"Splendid. Were you aware that Saturday morning surgery is for emergencies only?"
"Well in my book, that ain't an emergency. Bum on fire, fine. Bum concealing baby crocodile, fair enough. But itchy bum, no. Good day."
"Oh you think you're so clever, don't you?"
"Clever enough to know you can wait until Monday."
"But this is an emergency. You told my son he had worms."
"Your son does have worms. He brought one in to show me in a Playdoh jar."
"I don't believe you."
"Well I haven't kept it - it was only a threadworm. Nothing to lose any sleep over."
"How can you say that? You told my wife the whole family was probably infected - I haven't slept since, thinking of all those horrible little things crawling around inside me."
"They're only in your bowels."
"You told my wife that the eggs can get under the fingernails."
"Well, the wife's got long fingernails and she likes to draw blood during sex."
"My back, mainly. So she could have passed eggs straight into my bloodstream, right?"
"Look, there are worms that live in the bloodstream - such as the dreaded schistosome fluke - but threadworms only survive in the intestines."
"How do you know it was a threadworm?"
"It looked like one."
"But you didn't send it to the lab, for conformation?"
"So you were guessing?"
"Look, it wasn't a fluke."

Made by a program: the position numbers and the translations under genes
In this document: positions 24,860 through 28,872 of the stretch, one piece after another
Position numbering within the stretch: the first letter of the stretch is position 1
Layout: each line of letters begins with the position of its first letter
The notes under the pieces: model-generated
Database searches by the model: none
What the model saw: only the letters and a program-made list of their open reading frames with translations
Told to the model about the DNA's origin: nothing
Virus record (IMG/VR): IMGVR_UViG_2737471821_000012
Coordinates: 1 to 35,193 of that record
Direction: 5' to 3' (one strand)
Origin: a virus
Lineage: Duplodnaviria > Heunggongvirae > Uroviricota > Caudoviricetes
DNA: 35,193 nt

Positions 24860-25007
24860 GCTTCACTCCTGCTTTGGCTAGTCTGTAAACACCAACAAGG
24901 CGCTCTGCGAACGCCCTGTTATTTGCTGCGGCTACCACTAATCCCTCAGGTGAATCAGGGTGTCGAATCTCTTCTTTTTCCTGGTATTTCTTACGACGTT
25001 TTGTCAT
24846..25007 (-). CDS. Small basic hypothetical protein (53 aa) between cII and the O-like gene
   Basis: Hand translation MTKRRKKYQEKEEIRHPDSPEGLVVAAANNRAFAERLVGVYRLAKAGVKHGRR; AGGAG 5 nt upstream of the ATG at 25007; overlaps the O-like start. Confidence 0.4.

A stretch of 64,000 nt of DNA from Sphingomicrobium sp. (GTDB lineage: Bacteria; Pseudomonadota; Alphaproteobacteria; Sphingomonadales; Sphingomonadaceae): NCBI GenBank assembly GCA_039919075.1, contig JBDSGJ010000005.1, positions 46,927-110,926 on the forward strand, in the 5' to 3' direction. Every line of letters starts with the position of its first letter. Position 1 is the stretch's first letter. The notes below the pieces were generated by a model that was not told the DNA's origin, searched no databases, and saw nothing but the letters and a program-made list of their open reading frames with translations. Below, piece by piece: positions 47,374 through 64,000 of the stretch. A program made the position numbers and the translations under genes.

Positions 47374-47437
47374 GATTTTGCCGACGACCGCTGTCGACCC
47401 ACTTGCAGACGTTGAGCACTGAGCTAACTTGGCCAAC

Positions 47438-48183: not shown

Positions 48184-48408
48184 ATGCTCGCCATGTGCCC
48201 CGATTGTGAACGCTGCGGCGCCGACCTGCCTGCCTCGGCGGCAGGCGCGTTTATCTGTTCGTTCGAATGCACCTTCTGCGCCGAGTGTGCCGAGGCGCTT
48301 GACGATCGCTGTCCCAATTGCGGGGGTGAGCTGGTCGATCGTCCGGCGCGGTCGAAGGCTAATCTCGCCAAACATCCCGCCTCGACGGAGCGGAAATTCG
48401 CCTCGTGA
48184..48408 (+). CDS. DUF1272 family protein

"Because flukes are flatworms with oral and ventral suckers. This worm was a thread."
"It could have been a fluke fluke."
"Also, schistosomes are unheard of in Walthamstow, whereas threadworms aren't."
"So how did Lance get it?"
"Probably from nursery."
"That's a shame."
"Because he's settled in really well at Mrs Pope's."
"You don't have to take him out of it."
"No son of mine's learning to read in a wormn hole."
"Look, threadworms are no big deal. Five-hundred-million people on this planet have got them as we speak. Many have no symptoms at all and others just have an itchy bum."
"But surely Mrs Pope should have spotted the worm in Lance's lunch?"
"You don't swallow the worm, you swallow the eggs."
"And where are the eggs?"
"Like I said, under someone's nails."
"How do they get there?"
"Well, the adult worm lives in the large bowel but pops out to lay eggs around the anus."
"I've heard enough."
"But the good news is that nearly all patients are cured by a single dose of wormicide - and you can buy it over the counter to avoid troubling your doctor on a Saturday morning."
"I don't like giving the kids drugs."
"Well, if you cut everyone's nails, wash the eggs off bedclothes and towels and have scrupulous personal hygiene, the worms die out after a month or so."
"That's a bit of a fag."
"Or just live and let live."
"But I'm itching like mad. Does that mean I've definitely got them?"
"No, it could just be that the suggestion you might have them has brought it on. If you can't find a worm in your stool, the best way of making the diagnosis is to sleep with Sellotape around your tail end, to catch the eggs as the worm pops out at night to lay them. Now, if that's all..."
"Do you sell Sellotape?"
"No. Bye bye,"
"One more thing. Why did you call the schistosome dreaded?"
"Good grief. Because the eggs get stuck absolutely everywhere - in your bladder, in your liver, in your lungs, in your brain ... it's not pretty ... Mr Jacobs? Come back! Look, I've got some cracking photos of it in Post Mortems Weekly ..."